Federal Contractors Get Slammed Again Regarding New Disclosure Provision

in Opinion

By Terry Potter, Partner – Husch Blackwell, LLP

It seems that every time we turn around there is another Executive Order placing additional burdens on federal contractors.  This time it is the Fair Play and Safe Workplace Executive Order which President Obama signed on July 31.  Under this new Executive Order, before prospective contractors can obtain a contract with the federal government, they must disclose labor law violations from the past three years encompassing fourteen different federal statutes and equivalent state laws.

The contracting officers must take into account these violations in the issuance of such contracts.  However, the standards for such review have yet to be established.  Indeed, each agency will have to designate a
senior official as a “labor compliance advisor” to provide guidance on whether the contractor’s actions rise to the level of a “lack of integrity or business ethics.”  These are rather broadly stated standards which ultimately will likely result in a great deal of inconsistency and abuse.

What is especially concerning in this situation is that the Executive Order states that companies with workplace violations are more likely to encounter performance problems, and so the Executive Order is being issued
to improve the efficiency of federal contracting resulting in a greater return on federal tax dollars.  Well, if performance is really the issue then that should be the topic of discussion, not setting up a whole new level of bureaucracy.  In my experience, I have never known a contracting officer who was not well aware of any ongoing investigations regarding potential labor law violations with their contractors.  Quite frankly, they do a very effective job of being the watchdog over those situations.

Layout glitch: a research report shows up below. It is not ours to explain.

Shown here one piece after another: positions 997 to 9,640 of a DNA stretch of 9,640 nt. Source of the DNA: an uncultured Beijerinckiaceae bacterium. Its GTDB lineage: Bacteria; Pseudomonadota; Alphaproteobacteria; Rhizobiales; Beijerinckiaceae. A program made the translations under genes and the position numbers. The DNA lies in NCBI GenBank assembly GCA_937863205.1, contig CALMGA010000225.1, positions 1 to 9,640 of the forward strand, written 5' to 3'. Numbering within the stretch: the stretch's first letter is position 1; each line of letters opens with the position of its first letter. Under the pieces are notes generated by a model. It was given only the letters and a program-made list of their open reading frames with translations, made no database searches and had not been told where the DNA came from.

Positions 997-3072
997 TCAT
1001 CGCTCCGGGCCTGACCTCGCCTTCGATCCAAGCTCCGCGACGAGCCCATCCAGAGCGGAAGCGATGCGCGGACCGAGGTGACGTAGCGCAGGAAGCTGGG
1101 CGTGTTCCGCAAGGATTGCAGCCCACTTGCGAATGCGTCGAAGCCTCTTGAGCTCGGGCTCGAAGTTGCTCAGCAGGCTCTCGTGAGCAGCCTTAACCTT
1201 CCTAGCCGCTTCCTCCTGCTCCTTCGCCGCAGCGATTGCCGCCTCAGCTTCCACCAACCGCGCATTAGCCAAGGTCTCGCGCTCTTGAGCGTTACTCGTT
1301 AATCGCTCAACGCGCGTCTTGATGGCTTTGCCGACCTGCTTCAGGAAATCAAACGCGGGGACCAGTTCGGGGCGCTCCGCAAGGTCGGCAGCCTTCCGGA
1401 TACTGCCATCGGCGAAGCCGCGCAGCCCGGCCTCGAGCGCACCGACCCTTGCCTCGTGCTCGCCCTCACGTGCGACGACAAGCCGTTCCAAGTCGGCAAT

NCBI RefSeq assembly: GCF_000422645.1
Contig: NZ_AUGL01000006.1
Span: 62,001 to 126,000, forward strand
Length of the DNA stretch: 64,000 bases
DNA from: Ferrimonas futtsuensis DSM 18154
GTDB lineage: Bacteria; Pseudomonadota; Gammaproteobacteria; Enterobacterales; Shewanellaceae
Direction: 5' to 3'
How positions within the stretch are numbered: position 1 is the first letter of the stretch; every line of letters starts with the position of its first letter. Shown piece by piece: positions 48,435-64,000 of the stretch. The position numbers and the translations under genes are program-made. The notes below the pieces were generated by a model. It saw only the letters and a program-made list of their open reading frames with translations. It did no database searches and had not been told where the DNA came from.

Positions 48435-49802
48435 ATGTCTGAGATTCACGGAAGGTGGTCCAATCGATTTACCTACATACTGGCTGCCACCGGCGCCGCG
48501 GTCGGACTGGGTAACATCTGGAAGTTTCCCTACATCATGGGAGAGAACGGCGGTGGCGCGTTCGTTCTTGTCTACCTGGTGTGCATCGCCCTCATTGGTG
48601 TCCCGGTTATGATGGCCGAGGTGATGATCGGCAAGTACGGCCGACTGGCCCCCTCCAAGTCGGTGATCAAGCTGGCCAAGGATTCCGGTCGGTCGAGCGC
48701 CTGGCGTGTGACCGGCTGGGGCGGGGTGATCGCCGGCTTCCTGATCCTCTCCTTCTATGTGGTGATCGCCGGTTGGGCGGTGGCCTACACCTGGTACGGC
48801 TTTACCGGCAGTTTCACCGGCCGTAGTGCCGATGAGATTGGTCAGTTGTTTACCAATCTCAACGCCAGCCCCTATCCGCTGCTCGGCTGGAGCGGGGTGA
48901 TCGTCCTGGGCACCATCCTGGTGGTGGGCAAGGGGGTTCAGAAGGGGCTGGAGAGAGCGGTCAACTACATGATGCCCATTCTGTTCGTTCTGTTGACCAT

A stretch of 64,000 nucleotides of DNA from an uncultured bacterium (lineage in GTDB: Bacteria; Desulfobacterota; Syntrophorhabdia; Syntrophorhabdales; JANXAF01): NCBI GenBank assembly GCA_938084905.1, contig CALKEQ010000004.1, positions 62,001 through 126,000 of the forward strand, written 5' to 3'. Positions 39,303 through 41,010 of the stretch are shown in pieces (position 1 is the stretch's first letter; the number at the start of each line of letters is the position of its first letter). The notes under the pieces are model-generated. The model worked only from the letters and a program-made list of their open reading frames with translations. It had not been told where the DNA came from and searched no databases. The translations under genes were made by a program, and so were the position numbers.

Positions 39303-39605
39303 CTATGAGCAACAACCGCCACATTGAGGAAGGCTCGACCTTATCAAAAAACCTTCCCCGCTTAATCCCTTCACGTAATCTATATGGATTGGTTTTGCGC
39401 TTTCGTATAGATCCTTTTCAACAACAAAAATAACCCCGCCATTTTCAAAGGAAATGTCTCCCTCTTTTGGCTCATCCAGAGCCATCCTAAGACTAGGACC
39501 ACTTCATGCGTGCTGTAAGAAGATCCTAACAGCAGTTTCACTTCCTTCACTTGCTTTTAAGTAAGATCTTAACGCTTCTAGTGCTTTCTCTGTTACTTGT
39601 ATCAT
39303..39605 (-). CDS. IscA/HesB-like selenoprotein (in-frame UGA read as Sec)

Moreover, hidden away in the middle of this Executive Order is a very odd inclusion which specifies that companies with federal contracts of $1 million or more may not require their employees to enter into pre-dispute
arbitration agreements arising out of Title VII or from torts related to sexual assault or harassment.  The recent decisions by the Supreme Court clearly indicate support for the arbitration process over burdening the courts with additional matters that are best handled on a private basis through an arbitration procedure in the workplace.  That would be an efficient use of federal tax dollars.  So if your purpose is to save tax dollars, this provision runs totally counter to that goal.

The final key provision of the Executive Order provides that employees shall receive information about their paychecks (hours worked, overtime and deductions) which normally is specified under state law in any event, so this inclusion is of very limited value, especially for federal contractors who have to provide certified payrolls on a regular basis.

The various agencies will have to spend a lot of time and effort on this Executive Order as it places substantial burdens on them in investigating a myriad of potential violations that could potentially effect the contracting company’s ability to obtain a contract to ensure that due process and fair play take place with respect to each of the contractors.  As these standards develop we will keep you informed, but it is obviously going to be a long, slow process.